Thai Poosam festival is a Hindu festival that is celebrated in India. It is dedicated to the Hindu god, Muruga, son of the Hindu deities, Shiva and Parvati. Muruga is the patron god of Tamils, and hence he has a large following in Tamil Nadu. The festival is also celebrated in countries that have a large Tamil diaspora. They include Singapore, Malaysia, Indonesia, Mauritius, Africa, etc. Kerala, Tamil Nadu’s neighboring state, too, celebrates the festival.
Thai Poosam day commemorates a particular incident, in which Goddess Parvati gifted Muruga a divine Vel or spear. He used the Vel to defeat the demon Soorapadman/Tarakasura and his army, and hence the festival, like many other Hindu festivals, symbolizes the destruction of evil by the forces of good. Muruga is also known as Skanda, Shanmugha, Arumugha, and Subramanya.
Thai Poosam in Malaysia:
In Malaysia, which is home to many Tamils, Thai Poosam is celebrated with great fervor. Millions of Hindus visit temples to celebrate Thai Poosam. The festival date is based on the full moon day in Thai month (January-February). There are grand celebrations at the Batu Caves (Sri Subramaniar Swamy Temple), which lie outside Kuala Lumpur. Devotees also visit the Balathan¬dayuthapani Temple or Waterfall Hill Temple located in Penang., the Sri Subramaniar Swamy Temple in Ipoh (Perak), and the Sri Subramaniya Swamy Temple in Sungai Petani (Kedah).
For Hindus, Thai Poosam is the biggest festival after Deepavali. It is a day of thanksgiving and offering penance. Thai Poosam is a public holiday in many places in Malaysia. On this occasion, devotees cleanse their bodies by observing a fast and abstinence. They take a vegetarian diet for some days. Many begin doing penance some days before the festival by carrying the kavadi (a decorated structure with the image of several deities, including Murugan) on their shoulders. They also carry pots of milk on their heads.
Celebrations at Batu Caves:
The celebrations at Batu Caves are truly amazing. Annually, more than 10.000 tourists visit the caves on Thai Poosam day. On the previous night, Hindus assemble at the Sri Mahamariaman Temple along Chinatown/Petaling Street area. From there, they depart around midnight on a 15 km (roughly 8 hours) walk to the Batu Caves, which they reach the next morning. They have to climb a flight of 272 steps to reach the cave entrance. It can be very crowded and claustrophobic, with a lot of pushing and jostling.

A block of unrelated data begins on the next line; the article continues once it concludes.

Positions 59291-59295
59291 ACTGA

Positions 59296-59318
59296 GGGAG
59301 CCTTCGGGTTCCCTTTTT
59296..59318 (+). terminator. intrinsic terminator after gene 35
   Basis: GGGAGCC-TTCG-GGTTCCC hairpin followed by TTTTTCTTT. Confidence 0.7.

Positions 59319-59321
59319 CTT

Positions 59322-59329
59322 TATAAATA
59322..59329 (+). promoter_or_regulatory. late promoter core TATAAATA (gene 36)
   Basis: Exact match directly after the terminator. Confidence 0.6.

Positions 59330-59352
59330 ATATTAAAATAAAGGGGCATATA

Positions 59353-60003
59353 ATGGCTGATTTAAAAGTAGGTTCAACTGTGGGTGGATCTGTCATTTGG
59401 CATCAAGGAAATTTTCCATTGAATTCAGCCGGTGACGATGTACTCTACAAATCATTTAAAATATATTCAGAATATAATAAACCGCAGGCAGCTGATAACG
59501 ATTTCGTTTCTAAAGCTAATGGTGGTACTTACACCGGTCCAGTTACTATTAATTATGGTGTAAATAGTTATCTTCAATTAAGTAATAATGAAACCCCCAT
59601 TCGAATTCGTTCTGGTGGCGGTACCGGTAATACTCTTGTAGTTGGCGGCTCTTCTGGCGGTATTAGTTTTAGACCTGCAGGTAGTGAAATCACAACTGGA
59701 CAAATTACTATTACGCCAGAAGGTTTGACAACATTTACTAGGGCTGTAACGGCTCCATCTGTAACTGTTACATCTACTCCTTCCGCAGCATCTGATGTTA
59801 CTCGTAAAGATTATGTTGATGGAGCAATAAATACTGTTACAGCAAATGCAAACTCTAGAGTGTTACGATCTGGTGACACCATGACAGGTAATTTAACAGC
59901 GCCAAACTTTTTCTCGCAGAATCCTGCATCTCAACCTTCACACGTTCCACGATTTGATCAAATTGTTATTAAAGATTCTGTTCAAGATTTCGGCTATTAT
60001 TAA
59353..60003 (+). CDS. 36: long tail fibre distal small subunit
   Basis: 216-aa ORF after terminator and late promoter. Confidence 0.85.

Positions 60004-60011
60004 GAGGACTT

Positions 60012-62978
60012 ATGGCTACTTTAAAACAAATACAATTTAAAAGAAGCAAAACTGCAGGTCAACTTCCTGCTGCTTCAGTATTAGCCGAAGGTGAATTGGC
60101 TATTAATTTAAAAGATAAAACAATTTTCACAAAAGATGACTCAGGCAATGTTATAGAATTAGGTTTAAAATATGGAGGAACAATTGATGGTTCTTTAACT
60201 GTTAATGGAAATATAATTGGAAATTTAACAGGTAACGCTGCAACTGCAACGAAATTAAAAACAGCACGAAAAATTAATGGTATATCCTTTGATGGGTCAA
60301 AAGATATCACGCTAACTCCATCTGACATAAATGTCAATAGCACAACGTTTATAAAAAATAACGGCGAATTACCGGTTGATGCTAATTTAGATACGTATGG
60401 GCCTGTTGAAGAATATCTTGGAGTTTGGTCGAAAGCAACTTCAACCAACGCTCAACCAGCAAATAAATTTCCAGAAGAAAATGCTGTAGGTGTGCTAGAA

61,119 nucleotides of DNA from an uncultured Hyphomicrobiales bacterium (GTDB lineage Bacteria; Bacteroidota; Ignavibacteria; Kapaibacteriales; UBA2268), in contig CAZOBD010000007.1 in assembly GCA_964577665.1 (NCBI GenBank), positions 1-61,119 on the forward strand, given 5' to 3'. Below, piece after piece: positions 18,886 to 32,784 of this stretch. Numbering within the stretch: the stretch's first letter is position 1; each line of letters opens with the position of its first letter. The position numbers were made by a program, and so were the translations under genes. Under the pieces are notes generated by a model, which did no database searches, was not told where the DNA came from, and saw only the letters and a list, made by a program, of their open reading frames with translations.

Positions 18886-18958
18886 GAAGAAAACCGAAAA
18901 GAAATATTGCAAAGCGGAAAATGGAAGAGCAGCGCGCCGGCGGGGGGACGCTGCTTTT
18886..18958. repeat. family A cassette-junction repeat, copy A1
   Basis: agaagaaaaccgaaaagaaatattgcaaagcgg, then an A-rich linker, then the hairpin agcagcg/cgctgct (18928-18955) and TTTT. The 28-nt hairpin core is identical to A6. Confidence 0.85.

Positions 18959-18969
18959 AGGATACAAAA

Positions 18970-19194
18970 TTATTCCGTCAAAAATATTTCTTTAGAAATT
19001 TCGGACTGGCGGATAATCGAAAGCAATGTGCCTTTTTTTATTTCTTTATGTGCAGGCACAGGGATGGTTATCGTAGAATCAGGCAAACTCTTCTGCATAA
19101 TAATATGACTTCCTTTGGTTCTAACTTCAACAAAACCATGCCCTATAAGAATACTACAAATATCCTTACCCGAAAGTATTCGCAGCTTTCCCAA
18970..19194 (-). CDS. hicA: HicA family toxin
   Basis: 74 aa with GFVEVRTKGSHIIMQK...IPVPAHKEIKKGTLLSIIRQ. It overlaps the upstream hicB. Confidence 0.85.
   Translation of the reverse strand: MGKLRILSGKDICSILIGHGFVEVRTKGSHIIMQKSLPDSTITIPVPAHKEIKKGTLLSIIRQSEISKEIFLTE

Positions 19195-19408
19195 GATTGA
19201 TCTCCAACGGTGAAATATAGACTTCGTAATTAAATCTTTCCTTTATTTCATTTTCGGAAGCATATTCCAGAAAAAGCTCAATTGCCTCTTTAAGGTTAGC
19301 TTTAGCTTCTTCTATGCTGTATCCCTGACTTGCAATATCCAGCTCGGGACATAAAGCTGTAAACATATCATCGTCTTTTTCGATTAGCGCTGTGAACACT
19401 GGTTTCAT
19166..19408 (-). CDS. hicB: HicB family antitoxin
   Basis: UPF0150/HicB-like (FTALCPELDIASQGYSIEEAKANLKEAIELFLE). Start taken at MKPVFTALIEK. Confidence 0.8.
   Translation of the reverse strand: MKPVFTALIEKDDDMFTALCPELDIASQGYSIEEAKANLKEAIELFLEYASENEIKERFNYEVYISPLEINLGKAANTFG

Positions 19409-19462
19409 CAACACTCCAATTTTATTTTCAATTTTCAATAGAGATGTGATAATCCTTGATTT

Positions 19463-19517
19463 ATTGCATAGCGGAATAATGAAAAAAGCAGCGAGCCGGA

On arriving at the Batu Caves on ThaiPusam day, one can see many people in a trance. Some will be carried by their relatives. The men and sometimes women too get a shave from one of the many barbers stationed there. So one can also see many people with shaved heads. One reason why Thai Poosam is so interesting is the manner in which devotees worship Murugan. Some ardent devotees pierce their tongue, skin, or cheeks with Vels or spears. Some are hung on multiple hooks. Others may have small hooks on their backs that have small decorations. The devotees may dance uncontrollably and wave their arms wildly. In some extreme cases, devotees are suspended in mid-air by hooks or pulled along by their relatives. Their entranced state supposedly enables them to endure the pain. Later, lemon juice and holy ash are used to treat the wounds to prevent scarring.
The devotees believe that Lord Muruga will ensure that they will not feel any pain. In India, people can even be seen pulling heavy objects with sharp hooks that are attached to their bodies. They believe that by subjecting themselves to such rituals, they can connect strongly with the deity and please him. Many go into a trance during the ritual. Devotees keep chanting. ‘vel vel shakti vel’.as the procession wends its way to the Murugan temple.
All, including locals and tourists, have access to the caves. Hindus offer prayers and thanksgiving at the numerous altars found there. The area near the Batu Caves has many stalls where food, drinks, and religious items are sold. A small children's amusement park is also found there.
A Unique, Cultural Experience:
Thai Poosam in Malaysia is the ultimate cultural experience. It is a very colorful festival held in a carnival-like atmosphere. People wear clothes in orange and yellow, the colors of Murugan, and make sacrifices to render thanksgiving for answered prayers, for favors, and forgiveness of sins, etc. Batu caves are believed to be the holiest Hindu site found outside India. It has a statue of Lord Murugan that is 38 ft tall, at the foot of the steps.
The festival ends in the shadow of the huge golden statue of Murugan, at the foot of the stairs that lead to the caves. After praying, devotees leave offerings for the deity, as monkeys seated on the limestone outcrops watch curiously.
The date of Thai Poosam changes each year according to the full moon.